Oil prices rebounded on Wednesday, with U.S. crude snapping a five-day decline, after another weekly inventory draw but gains were still limited by a huge supply overhang and concerns about a stronger dollar.
U.S. crude stocks fell nearly 2.7 million barrels last week, down for a third consecutive week, as refineries hiked output, the government-run Energy Information Administration (EIA) said. Gasoline and distillate inventories also declined.
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While the crude draw was nearly triple that estimated by analysts in a Reuters survey, it was only about half of the 5.2 million-barrel drop reported by industry group American Petroleum Institute, disappointing some market bulls.
"It's a fairly neutral report at the best as the weekly change is mildly bullish within a bearish overall stock situation," said James L. Williams, energy economist at WTRG Economics in London, Arkansas.
He noted that stockpiles were in "excellent shape" with crude inventories about 90 million barrels above year-ago levels, while refinery utilization rates were only a little higher at above 92 percent.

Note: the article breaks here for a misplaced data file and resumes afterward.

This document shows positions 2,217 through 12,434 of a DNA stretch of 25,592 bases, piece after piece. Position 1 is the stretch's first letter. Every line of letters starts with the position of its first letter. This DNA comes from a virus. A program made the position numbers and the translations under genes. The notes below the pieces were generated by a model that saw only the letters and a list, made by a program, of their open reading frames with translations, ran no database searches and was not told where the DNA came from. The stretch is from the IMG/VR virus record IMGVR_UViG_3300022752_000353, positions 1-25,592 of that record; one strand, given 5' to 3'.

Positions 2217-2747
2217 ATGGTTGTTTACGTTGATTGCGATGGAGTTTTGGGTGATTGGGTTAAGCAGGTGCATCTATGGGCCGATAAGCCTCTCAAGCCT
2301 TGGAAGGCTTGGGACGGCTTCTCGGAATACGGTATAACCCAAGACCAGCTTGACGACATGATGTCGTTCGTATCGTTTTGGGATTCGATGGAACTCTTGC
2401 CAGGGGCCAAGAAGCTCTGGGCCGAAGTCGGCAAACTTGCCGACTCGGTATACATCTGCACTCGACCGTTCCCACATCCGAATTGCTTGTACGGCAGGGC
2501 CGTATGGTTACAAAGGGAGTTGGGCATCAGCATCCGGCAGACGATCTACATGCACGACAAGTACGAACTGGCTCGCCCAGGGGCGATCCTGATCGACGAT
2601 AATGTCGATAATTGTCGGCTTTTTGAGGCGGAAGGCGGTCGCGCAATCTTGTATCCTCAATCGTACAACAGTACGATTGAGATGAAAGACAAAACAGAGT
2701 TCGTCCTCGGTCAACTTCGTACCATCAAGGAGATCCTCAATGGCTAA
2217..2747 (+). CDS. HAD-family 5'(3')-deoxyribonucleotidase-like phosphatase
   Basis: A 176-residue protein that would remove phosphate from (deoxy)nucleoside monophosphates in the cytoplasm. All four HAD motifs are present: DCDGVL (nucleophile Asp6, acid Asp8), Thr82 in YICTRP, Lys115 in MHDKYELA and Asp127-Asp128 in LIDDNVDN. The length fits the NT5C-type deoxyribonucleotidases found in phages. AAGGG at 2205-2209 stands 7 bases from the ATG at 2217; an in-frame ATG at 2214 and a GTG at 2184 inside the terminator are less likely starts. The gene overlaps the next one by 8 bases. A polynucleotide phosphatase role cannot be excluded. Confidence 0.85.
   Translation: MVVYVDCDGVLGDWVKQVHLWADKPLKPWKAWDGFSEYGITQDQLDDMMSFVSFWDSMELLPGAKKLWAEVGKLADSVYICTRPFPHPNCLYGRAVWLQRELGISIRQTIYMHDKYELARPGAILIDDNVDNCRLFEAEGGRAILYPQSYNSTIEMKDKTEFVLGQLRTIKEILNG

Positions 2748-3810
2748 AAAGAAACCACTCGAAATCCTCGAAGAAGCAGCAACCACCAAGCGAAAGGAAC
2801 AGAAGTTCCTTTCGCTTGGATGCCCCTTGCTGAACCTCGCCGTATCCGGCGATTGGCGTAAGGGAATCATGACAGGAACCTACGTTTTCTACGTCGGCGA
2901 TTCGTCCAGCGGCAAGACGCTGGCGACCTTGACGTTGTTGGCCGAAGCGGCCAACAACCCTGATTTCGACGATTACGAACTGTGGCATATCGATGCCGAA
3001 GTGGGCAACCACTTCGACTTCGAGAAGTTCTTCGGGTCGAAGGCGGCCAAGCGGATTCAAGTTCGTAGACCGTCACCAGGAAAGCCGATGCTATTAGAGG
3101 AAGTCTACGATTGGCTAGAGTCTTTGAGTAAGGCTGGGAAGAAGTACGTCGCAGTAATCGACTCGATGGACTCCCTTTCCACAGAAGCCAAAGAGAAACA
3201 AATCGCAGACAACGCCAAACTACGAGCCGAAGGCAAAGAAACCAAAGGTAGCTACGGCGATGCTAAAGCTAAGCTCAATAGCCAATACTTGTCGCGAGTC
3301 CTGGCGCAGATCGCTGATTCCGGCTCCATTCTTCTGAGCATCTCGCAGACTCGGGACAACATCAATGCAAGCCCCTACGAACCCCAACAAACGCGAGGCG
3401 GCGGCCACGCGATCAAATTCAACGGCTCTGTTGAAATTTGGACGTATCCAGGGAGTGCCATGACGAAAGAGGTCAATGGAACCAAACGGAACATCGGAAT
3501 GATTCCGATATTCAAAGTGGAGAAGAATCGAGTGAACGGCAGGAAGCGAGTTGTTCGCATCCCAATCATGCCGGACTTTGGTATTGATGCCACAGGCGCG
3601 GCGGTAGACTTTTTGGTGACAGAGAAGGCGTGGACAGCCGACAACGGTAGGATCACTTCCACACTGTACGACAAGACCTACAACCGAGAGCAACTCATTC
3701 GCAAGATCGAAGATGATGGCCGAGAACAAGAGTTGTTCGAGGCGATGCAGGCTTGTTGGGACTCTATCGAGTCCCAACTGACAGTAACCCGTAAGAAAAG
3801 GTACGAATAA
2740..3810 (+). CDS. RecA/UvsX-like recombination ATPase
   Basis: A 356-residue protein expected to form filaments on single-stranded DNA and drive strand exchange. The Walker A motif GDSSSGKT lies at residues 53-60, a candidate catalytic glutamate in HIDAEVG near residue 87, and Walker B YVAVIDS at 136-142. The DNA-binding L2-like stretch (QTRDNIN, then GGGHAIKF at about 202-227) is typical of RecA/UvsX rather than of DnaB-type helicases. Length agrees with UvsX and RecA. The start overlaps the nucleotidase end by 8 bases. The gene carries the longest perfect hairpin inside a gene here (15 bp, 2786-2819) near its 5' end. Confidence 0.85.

The dollar rose to a two-week high, before the release of the Federal Reserve's April meeting minutes that showed Fed officials thinking it would be premature to raise interest rates by June. A stronger dollar makes commodities priced in the greenback, including oil, less affordable for holders of other currencies.
U.S. crude settled up 99 cents, or 1.7 percent, at $58.98 a barrel.
Brent oil, the more widely-followed followed benchmark, settled up $1.01, or 1.6 percent, at $65.03.
Oil fell over 3 percent on Tuesday on a dollar rally and concerns of a building glut, which Goldman Sachs said would lead to a return towards 2015 lows.
Wednesday's rebound was partly fueled by strong economic data out of Asia. Japan the world's third largest economy, grew at an annualized rate of 2.4 percent in the first three months of this year.
Geopolitical tensions also fed the run-up.
Unrest continued in Yemen, where Saudi-led forces intensified a bombing campaign against Iranian-allied Houthi rebels. While Yemen is a marginal producer of oil, it lies close to major shipping routes and shares a border with Saudi Arabia, the world's top oil exporter.
The United Nations said it will sponsor Yemeni political talks in Geneva on May 28. But Yemeni Foreign Minister Reyad Yassin Abdulla said the exiled government might not attend because it had not been officially notified.
(By Barani Krishnan; Additional reporting by Himanshu Ojha in London and Henning Gloystein in Singapore; Editing by Marguerita Choy)